Thousands gathered on Vancouver’s Downtown Eastside for the 32nd Annual Women’s Memorial March

Thousands of people take part in the annual Women's Memorial March honoring missing and murdered women and girls February 14 in Vancouver, BC.  (Ben Nelms/CBC - photo credit)

Thousands of people take part in the annual Women’s Memorial March honoring missing and murdered women and girls February 14 in Vancouver, BC. (Ben Nelms/CBC – photo credit)

The streets of Vancouver’s Downtown Eastside were a sea of ​​movement as chants filled the air and signs were hoisted for Tuesday’s 32nd Annual Women’s Memorial March.

Those gathered marched in honor of the Indigenous women, girls and 2SLGBTQ+ people who have died in downtown Eastside and across the province. The first march was held in 1992 to commemorate the life of a woman who was murdered on Powell Street.

“Increasing deaths of many women and people of mixed genders from the DTES still leaves family, friends, loved ones and community members with an overwhelming sense of grief and loss,” the Women’s Memorial March committee said on its website.

“Indigenous women, girls, two-spirit and trans people continue to be disproportionately missing or murdered with no action taken to address these tragedies or the systemic nature of gender-based violence, poverty, racism or colonialism.”

During a ceremony at the march, two bald eagles flew overhead and the crowd cheered and applauded. One elder told CBC News that the bald eagles are messengers from the Creator and that seeing the birds feels like their ancestors are with them.

A march was also held in Terrace, BC to raise awareness of missing and murdered Indigenous women and girls.

Ben Nelms/CBC

Ben Nelms/CBC

“We heal together”

Among those marching in the crowd was Maggy Gisle, a Nisga’a woman living in Powell River on the Sunshine Coast.

She marched in honor of 64 friends and family who were missing or murdered, she says.

Gisle used to live in Downtown Eastside but moved away in 1998.

“I was scared right now because all my friends were missing and I knew eventually I would be,” said Gisle, who sang a dirge at the march.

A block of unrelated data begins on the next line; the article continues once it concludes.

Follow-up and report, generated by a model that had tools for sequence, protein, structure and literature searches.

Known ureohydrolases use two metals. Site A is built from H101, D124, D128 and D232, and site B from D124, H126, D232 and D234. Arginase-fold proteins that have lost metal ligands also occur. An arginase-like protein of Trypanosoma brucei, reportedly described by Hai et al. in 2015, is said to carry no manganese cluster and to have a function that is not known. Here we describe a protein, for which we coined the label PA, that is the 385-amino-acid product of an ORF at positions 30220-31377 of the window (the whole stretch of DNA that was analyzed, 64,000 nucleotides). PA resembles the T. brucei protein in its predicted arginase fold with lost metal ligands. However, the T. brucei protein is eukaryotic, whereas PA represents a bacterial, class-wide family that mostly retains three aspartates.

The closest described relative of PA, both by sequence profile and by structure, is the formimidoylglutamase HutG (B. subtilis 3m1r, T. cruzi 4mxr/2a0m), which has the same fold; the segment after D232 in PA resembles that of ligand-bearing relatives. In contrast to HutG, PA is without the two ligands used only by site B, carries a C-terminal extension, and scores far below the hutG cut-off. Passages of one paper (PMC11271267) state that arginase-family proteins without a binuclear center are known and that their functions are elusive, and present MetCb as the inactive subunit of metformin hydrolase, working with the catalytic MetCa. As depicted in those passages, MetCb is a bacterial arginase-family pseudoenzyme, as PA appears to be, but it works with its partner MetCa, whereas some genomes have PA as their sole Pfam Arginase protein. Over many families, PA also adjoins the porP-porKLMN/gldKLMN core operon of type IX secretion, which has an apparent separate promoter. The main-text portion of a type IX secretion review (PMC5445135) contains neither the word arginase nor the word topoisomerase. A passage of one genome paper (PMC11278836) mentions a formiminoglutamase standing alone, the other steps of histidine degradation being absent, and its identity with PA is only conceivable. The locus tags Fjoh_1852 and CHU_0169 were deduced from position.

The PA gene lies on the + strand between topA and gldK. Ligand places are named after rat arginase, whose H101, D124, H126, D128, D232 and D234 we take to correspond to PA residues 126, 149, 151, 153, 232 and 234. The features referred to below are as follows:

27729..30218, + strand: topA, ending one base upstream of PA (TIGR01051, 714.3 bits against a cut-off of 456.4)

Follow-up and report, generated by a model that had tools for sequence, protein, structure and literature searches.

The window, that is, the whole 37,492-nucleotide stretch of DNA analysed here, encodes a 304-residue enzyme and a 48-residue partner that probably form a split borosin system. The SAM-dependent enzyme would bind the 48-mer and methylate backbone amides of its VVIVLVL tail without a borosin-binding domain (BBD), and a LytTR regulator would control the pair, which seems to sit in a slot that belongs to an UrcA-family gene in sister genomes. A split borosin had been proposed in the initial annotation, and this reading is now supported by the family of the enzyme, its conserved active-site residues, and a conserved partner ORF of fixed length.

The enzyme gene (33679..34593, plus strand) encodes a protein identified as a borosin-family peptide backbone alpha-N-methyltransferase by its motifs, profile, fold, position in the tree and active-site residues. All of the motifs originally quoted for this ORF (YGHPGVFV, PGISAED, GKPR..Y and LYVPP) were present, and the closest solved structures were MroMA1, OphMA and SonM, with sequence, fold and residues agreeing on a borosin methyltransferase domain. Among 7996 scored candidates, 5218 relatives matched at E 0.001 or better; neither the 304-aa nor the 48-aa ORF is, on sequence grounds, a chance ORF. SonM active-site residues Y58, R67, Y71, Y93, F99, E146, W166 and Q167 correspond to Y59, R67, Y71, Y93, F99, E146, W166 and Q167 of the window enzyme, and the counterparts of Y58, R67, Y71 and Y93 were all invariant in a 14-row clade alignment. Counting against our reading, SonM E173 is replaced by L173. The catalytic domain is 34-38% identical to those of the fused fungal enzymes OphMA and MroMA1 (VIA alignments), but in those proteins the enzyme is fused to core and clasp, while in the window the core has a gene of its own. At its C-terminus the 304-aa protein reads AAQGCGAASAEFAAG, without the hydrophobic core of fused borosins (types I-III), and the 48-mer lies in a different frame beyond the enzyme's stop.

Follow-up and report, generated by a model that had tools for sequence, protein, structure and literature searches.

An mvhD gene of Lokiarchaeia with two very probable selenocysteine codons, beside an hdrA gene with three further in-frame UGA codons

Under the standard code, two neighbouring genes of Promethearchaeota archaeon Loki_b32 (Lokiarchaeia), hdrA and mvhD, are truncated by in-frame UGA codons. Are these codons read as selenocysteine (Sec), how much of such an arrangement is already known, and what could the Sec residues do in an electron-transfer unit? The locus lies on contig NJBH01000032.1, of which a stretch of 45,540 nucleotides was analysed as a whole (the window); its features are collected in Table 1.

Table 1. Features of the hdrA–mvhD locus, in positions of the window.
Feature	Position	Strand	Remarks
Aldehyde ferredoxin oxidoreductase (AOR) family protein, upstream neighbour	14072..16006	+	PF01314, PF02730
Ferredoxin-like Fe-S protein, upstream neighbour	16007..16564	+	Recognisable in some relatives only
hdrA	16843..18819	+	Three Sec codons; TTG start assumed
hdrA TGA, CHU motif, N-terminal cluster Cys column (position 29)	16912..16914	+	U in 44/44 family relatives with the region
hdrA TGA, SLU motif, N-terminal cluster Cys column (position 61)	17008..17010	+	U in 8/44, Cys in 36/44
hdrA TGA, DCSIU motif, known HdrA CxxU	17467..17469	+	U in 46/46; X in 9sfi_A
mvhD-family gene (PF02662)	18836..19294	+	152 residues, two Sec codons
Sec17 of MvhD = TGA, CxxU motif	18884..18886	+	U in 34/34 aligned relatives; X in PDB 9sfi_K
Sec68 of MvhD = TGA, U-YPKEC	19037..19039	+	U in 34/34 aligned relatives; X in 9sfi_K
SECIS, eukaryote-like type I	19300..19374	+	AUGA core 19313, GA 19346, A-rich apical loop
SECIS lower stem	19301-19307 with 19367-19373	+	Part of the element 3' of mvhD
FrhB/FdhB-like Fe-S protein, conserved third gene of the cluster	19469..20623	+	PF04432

“I come here and pray and spend time in prayer, remembering each of these women and thanking them for the time I have.”

Ben Nelms/CBC

Ben Nelms/CBC

Elsewhere in the crowd was Wesley Mitchell, who had traveled from Smithers, BC, about 230 miles west of Prince George. He marched in honor of two women, Jessica Patrick and Frances Brown.

Patrick went missing in September 2018 and her body was found 12 days later at a local ski slope northwest of Smithers.

Frances Brown, his aunt, went mushroom picking in Smithers in 2017 and never returned.

“Today we still don’t have justice,” Mitchell said.

“Someone out there knows what happened. We hope that someone will face this fear and speak up.”

Mitchell said the march filled him with connection and love and that he hoped one day his family would find answers.

“The way we heal is together,” he said.

Ben Nelms/CBC

Ben Nelms/CBC

More work to do: Province

In BC, Indigenous women and girls are nearly three times more likely to be subjected to domestic violence, murder or other violent crimes than non-Indigenous women, according to the province’s information.

In a statement, Prime Minister David Eby and several of his colleagues said violence against Indigenous women, girls and 2SLGBTQ+ people is an urgent problem.

“We all have a responsibility to come together on this day and every day to protect those most at risk of becoming victims of violence,” he said.

“We are aware that there is still much more to be done. We will continue to listen, take action and work with Indigenous Peoples to create a future where Indigenous women, girls, 2SLGBTQ+ people and children are safe in every home, workplace and community in this province. “


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